If the rotation is changed, you need to consider how it's changes ​are going to reflect on the Planet, if it's going with the spin, you have plenty of room to accelerate the Lunar Speeds, as the Planet will have very little Pull on the Moon, where if you are going opposite direction from Planetary Rotation, it's like running your hand across Sandpaper, it's going to grab a lot of velocity in very little time, not as much wiggle room, and generally destabilizes the orbit faster.

You're also going to need to factor in Mass, Gravity is directly proportional to Mass, if you have a huge chunk of Rock, and you move a smaller chunk of Rock next to it, those Rocks want to Smash together, but all the Gravity already affecting them (Earth) is disrupting the Pull between the two and drowning it out (making it heavy, this is how we Weigh it's Mass, which tells us it's gravitational pull), Bigger Earth, closer Moon, just bigger Rocks, it's up to you to decide their Mass though.

If your Earth is raining Diamonds, I'd give it about three years before it's raining a Moon, that 10km Radius in the Roche Limit is with 1.0 Gravity, which is Earth (our Baseline), more Mass, larger Radius, Jupiter for example, it actually does rain Diamonds on the Surface, the Surface it's self is likely smaller than our Moon though, combined with the fact that we've never measured the Surface Depth beneath that Cloud layer (not for a lack of trying), you can imagine the Roche Limit on it.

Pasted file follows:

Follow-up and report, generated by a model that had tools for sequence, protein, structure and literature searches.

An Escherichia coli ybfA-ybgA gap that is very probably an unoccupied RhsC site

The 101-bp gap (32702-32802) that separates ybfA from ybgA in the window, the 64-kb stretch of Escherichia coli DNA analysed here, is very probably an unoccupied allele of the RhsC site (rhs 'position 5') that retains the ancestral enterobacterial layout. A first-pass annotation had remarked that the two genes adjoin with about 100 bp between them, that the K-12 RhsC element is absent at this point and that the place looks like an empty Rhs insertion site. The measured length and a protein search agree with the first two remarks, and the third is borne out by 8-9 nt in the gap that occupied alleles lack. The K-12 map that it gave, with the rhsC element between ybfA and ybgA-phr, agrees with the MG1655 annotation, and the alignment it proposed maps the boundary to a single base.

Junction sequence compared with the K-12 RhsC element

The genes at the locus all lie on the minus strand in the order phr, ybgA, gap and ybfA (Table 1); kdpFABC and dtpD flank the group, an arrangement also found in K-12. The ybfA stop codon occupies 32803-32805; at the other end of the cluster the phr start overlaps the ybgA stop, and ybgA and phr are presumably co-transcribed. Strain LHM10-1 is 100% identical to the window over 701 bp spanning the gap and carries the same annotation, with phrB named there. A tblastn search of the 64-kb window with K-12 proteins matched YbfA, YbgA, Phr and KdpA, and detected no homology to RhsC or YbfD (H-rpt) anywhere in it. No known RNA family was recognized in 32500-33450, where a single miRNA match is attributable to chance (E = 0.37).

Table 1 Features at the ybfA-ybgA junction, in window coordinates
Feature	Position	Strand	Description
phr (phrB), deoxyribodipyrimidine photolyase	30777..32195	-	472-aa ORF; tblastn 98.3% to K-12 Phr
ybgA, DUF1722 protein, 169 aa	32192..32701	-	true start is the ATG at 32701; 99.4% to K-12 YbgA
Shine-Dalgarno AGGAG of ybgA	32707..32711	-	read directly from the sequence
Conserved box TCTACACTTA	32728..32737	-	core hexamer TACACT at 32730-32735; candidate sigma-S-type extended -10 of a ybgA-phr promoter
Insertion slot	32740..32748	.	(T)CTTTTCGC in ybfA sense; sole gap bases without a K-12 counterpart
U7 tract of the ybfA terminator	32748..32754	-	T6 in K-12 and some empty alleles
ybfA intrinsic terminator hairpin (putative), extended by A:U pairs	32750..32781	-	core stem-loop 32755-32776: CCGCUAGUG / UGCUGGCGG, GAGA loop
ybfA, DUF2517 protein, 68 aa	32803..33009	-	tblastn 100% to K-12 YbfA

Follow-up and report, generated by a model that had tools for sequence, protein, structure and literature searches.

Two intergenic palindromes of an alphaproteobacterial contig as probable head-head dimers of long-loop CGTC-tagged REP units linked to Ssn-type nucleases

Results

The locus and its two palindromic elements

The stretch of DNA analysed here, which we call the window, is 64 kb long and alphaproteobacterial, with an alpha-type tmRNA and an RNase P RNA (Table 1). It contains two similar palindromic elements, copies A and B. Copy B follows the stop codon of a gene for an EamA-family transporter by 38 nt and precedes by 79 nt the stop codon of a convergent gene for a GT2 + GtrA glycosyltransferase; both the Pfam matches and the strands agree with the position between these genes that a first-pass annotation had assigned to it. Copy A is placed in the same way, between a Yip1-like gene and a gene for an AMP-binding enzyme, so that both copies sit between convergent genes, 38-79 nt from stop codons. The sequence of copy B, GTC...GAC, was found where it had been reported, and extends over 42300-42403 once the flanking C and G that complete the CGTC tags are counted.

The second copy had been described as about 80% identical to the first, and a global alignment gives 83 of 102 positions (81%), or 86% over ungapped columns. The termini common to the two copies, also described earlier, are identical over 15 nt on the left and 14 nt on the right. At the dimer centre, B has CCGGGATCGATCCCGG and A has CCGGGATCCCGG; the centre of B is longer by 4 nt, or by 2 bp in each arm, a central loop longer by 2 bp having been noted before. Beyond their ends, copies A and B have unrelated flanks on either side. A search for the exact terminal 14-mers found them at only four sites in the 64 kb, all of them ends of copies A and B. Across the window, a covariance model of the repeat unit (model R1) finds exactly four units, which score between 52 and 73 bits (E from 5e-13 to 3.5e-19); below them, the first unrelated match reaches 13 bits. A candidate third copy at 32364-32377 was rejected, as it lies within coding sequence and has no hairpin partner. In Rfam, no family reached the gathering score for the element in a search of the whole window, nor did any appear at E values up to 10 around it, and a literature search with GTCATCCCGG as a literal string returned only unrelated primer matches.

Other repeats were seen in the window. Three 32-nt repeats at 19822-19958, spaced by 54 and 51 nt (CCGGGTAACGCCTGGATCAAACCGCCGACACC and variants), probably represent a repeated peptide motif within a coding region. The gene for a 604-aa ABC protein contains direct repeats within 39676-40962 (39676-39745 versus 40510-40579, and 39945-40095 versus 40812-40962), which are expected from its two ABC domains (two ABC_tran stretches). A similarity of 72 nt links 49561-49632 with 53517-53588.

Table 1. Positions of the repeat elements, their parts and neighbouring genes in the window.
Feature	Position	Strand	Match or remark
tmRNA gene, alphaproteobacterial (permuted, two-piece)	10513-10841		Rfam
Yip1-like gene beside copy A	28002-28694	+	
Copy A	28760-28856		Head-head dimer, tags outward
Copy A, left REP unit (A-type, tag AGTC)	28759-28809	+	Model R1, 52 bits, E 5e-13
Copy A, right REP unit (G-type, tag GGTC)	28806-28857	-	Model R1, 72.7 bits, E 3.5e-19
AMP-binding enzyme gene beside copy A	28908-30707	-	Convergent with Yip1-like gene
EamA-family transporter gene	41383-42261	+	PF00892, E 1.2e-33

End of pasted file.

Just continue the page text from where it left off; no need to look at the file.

Also, the Magnetic Field is generated by our Planet's Core, one currently active theory is there's a gigantic electromagnetic Storm on the Core's surface because the Iron is under so much intense pressure that it's crystalized into Iron Crystals, which in turn gives off a piezo-electric Discharge (proportional to it's size), which reacts with the various Cosmic effects in our localized band of orbit (Cosmic Radiation and whatnot) to generate our Massive magnetic field which keeps us safe and allows Compasses to function.

• Earth's moon is gradually drifting away from Earth, not moving towards it - and at a rate of centimetres per year, which on an astronomical scale is comparatively stable. There's currently no danger of it ever impacting Earth. – F1Krazy Jun 9 '17 at 12:51
• Odd, I'd heard the opposite. Perhaps they're simply not sure lol, as you said, it's centimeters in a global theater, either way, if he moved the Moon closer, AND made the Planet larger, the Moon won't be moving away anymore unless he reduced Mass. – Blue64 Jun 9 '17 at 12:58
• Corrected the initial Drift Direction in my post. – Blue64 Jun 9 '17 at 13:04
• Thanks to the Lunar Laser Ranging experiment mirrors placed on the Moon by Apollo 11, 14 and 15, we can measure the distance to the Moon with very high levels of accuracy. See en.wikipedia.org/wiki/Lunar_Laser_Ranging_experiment and eclipse.gsfc.nasa.gov/SEhelp/ApolloLaser.html; particularly, right at the bottom of the second linked page is the data that the Moon is receding (moving away from) Earth at a rate of about 3.8 cm/year. Regardless of one's feelings toward a US administration, I consider NASA reliable in space matters. – user Jun 9 '17 at 13:27
• Why the second downvote? I already corrected it, complete with strike through. – Blue64 Jun 9 '17 at 14:31